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What is Medicaid? What Does Medicaid Cover?

What is Medicaid

Medicaid 3

Medicaid offers health coverage to more than 65 million Americans, including eligible low-income adults, pregnant women, children, elderly adults, and persons with disabilities. This program is administered by states, according to the federal requirements. Medicaid is funded jointly by the federal and state governments.

Differences between Medicaid and Medicare

You should note that Medicare and Medicaid are different programs, both operated and funded by different parts of the government.

  • Medicaid is a federal and state program offering health coverage for those who earn significantly low incomes or otherwise qualify
  • Medicare is a federal program offering heal coverage for elderly citizens of more than 65 years old and those living with disabilities, regardless of their income
  • If you are eligible for both programs, you can have both as they will offer you health coverage and lower health costs.

Eligibility

Medicaid is the single largest source of health coverage in the US. It is a joint federal and state program that offers health coverage to millions of Americans, including seniors, pregnant women, children, parents, and people with disabilities. The federal law requires your state to cover certain groups of people in order to participate in the program.

Examples of mandatory eligibility groups in Medicaid include low-income families, people receiving Supplemental Security Income, qualified children, and qualified pregnant mothers. However, each state has additional options for this health coverage and can cover other groups that are not included in the mandatory eligibility groups. Some of the groups that may be covered include people who receive home and community-based services as well as children who are in foster care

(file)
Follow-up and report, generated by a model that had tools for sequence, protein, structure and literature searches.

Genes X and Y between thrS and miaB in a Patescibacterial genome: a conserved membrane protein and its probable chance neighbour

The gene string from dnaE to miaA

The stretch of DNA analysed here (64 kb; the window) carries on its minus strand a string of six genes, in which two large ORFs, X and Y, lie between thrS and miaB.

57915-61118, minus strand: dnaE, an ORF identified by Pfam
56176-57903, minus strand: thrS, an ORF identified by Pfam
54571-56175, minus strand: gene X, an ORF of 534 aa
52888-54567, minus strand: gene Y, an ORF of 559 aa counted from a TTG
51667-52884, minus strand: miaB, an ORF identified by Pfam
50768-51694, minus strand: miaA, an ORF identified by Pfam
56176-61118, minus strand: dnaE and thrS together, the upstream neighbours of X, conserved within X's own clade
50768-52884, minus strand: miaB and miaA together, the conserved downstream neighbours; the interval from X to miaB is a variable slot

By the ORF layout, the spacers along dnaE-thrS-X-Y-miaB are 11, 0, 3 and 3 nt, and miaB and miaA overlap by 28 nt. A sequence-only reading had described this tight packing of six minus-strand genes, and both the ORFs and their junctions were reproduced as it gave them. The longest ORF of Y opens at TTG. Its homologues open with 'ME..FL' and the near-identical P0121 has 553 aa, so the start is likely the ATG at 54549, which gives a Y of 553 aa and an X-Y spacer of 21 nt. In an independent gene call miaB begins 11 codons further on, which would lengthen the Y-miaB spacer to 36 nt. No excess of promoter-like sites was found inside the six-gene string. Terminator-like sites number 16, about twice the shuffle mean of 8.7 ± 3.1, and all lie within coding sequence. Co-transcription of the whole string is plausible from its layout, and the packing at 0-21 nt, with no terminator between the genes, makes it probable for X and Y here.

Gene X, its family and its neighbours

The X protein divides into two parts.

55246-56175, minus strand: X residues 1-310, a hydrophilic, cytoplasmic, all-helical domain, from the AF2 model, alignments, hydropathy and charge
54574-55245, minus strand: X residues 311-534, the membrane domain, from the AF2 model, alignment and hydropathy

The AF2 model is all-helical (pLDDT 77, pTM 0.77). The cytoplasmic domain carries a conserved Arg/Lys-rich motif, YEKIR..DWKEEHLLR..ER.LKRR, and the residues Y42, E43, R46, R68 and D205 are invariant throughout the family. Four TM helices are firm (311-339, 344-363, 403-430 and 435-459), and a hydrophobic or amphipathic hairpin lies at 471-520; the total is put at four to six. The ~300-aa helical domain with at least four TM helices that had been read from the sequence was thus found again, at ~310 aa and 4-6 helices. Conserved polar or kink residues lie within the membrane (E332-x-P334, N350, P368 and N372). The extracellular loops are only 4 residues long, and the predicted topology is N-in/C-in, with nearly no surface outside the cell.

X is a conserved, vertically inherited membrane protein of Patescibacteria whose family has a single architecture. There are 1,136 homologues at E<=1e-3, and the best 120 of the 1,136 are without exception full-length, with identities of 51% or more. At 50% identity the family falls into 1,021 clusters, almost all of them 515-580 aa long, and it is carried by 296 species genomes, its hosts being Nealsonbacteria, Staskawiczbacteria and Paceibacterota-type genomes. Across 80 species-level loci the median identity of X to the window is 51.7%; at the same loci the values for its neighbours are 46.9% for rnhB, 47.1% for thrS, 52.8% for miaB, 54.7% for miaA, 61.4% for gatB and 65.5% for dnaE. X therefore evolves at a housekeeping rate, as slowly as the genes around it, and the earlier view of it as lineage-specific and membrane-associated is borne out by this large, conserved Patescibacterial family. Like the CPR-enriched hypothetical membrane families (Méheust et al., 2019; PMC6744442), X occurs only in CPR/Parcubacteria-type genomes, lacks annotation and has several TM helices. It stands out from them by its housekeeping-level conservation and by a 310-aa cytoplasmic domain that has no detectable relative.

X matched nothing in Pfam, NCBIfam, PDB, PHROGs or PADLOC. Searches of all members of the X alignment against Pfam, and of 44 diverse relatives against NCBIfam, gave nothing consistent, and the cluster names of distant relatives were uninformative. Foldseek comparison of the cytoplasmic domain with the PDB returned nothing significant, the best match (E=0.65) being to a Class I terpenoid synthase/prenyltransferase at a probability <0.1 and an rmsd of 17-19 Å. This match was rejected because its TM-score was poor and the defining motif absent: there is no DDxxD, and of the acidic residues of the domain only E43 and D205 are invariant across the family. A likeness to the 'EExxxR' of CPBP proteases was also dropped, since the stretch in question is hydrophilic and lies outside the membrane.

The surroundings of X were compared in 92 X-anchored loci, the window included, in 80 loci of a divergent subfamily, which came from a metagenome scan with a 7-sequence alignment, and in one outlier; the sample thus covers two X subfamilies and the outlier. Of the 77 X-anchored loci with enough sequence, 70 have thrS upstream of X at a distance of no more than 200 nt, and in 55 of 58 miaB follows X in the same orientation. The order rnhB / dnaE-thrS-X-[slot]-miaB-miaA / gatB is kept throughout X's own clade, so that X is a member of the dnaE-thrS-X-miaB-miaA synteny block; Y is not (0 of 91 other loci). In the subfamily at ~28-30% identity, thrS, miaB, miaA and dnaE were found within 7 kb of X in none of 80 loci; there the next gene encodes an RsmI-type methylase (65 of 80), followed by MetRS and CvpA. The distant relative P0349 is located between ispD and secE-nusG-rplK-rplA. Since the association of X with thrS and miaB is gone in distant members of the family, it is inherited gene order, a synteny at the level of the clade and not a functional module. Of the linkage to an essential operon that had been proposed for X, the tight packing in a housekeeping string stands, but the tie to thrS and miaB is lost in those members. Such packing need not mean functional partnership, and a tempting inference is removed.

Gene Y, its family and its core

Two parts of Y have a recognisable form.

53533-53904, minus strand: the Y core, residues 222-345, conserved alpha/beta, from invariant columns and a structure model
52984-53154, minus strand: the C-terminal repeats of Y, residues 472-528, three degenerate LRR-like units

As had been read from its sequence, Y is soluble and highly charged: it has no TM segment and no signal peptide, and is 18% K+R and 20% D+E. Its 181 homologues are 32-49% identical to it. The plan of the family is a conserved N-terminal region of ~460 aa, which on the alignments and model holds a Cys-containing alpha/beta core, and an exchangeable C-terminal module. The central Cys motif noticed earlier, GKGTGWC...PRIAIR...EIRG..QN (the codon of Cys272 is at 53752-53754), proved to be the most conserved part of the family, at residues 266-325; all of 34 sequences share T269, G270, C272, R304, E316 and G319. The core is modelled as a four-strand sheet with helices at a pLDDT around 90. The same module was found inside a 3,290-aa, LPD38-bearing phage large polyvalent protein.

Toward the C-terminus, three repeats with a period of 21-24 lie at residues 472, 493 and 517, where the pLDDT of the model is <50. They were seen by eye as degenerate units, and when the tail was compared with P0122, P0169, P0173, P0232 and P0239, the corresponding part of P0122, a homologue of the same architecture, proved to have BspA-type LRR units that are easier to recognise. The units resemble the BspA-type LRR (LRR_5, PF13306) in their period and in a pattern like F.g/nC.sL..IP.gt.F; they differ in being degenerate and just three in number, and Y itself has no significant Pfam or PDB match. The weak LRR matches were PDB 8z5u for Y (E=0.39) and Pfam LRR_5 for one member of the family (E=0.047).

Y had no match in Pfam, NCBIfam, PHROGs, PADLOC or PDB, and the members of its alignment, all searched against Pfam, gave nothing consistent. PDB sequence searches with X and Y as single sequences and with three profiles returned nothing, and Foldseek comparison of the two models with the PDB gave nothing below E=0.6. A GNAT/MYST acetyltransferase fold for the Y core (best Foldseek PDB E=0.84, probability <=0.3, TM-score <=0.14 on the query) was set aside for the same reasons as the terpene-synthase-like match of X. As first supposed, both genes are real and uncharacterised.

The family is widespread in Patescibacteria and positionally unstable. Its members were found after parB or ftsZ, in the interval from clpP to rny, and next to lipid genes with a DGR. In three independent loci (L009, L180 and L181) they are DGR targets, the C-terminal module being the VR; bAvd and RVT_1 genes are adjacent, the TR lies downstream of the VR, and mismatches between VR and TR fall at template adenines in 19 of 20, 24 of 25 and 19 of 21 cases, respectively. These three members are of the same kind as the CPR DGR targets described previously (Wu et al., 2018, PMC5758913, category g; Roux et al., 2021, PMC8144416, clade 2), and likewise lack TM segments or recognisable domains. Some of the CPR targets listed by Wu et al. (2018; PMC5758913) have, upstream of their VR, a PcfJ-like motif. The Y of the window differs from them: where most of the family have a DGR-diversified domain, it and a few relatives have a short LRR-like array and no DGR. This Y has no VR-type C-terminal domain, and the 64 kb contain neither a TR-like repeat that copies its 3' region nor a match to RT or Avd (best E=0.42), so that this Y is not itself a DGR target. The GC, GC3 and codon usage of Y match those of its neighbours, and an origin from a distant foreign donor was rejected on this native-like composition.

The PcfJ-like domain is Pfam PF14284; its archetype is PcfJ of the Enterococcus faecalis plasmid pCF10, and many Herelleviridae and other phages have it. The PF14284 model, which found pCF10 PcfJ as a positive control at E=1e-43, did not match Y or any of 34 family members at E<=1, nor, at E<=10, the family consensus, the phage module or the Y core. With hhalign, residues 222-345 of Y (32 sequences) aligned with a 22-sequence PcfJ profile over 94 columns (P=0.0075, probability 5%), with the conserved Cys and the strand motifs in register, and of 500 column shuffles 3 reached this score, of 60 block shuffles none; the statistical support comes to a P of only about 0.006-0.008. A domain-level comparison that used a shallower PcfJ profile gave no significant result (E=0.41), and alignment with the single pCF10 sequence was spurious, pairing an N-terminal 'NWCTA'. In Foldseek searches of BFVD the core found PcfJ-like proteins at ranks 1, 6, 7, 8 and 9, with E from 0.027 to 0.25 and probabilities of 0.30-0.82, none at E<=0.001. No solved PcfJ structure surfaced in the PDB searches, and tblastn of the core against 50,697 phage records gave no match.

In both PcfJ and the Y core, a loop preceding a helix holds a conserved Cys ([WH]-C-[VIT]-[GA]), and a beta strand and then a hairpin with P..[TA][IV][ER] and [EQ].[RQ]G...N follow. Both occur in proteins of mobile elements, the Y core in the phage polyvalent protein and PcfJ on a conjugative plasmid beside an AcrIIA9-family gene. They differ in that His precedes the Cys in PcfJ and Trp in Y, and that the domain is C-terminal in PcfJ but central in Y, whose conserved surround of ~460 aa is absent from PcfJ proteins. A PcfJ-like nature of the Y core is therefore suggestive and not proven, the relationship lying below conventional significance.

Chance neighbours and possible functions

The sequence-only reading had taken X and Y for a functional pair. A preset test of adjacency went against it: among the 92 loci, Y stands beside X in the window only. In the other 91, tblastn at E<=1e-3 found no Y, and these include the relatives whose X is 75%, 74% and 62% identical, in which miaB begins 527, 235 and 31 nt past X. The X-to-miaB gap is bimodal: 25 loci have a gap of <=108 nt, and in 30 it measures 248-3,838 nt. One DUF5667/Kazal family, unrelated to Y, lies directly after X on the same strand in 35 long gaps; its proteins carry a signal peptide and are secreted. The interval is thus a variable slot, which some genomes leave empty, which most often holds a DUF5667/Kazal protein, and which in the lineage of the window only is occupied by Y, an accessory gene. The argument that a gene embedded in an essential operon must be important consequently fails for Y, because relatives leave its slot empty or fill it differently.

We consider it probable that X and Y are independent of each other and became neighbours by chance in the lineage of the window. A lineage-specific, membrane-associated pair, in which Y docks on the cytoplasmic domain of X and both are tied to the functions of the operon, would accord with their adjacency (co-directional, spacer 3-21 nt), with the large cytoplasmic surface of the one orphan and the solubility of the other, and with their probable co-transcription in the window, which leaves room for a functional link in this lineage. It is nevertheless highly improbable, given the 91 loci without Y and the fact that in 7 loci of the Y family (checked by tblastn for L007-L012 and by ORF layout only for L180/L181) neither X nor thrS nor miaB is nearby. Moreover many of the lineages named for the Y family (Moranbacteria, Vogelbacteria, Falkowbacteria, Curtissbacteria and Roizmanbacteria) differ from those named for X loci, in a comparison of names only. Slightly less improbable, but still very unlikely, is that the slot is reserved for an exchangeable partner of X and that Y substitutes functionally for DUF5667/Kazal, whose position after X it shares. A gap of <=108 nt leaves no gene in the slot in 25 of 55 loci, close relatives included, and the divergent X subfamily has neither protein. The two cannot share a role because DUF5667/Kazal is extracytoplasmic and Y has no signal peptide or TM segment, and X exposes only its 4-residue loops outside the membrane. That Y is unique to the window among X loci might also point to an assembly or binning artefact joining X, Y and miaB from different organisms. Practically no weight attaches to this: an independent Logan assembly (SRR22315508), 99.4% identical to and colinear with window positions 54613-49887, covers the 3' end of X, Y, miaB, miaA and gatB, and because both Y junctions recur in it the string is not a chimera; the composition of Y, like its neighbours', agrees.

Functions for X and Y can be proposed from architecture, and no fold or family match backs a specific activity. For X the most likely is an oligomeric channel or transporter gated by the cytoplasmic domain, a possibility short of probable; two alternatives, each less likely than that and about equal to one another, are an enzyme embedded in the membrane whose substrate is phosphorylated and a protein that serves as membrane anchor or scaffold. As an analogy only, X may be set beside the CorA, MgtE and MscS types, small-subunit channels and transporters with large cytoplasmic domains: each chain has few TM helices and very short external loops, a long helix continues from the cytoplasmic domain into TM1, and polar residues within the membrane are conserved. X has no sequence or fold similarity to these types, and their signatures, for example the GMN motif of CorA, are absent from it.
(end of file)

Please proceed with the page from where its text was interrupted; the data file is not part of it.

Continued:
Notably, the Affordable Care Act of 2010 gave states the power to expand the program in order to provide coverage to almost all low-income Americans who are under the age of 65. For instance, the eligibility of children was expanded to more than 133 percent of the FPL as most states cover children up to higher income levels. States are also allowed to expand the eligibility to adults who earn incomes of at most 133 percent of the federal poverty level. Accordingly, many states have chosen to extend Medicaid health coverage to adults. To know if your state has expanded the coverage for adults, and to what extent, feel free to contact The Mattar Firm today.

Services Covered by Medicaid

Medicaid covers the following services:

  • Physician services
  • Renal dialysis
  • Hospital care
  • Emergency dental services
  • Physical therapy
  • Alcoholism and substance abuse services
  • Special appliances and devices
  • Skilled nursing care
  • Short term, intermittent, home health services
  • Prosthetic devices
  • Chiropractic care
  • Hospice care
  • Medically necessary institutional group care
  • Psychiatric care
  • Medical equipment, supplies, and devices
  • Transportation for medical purposes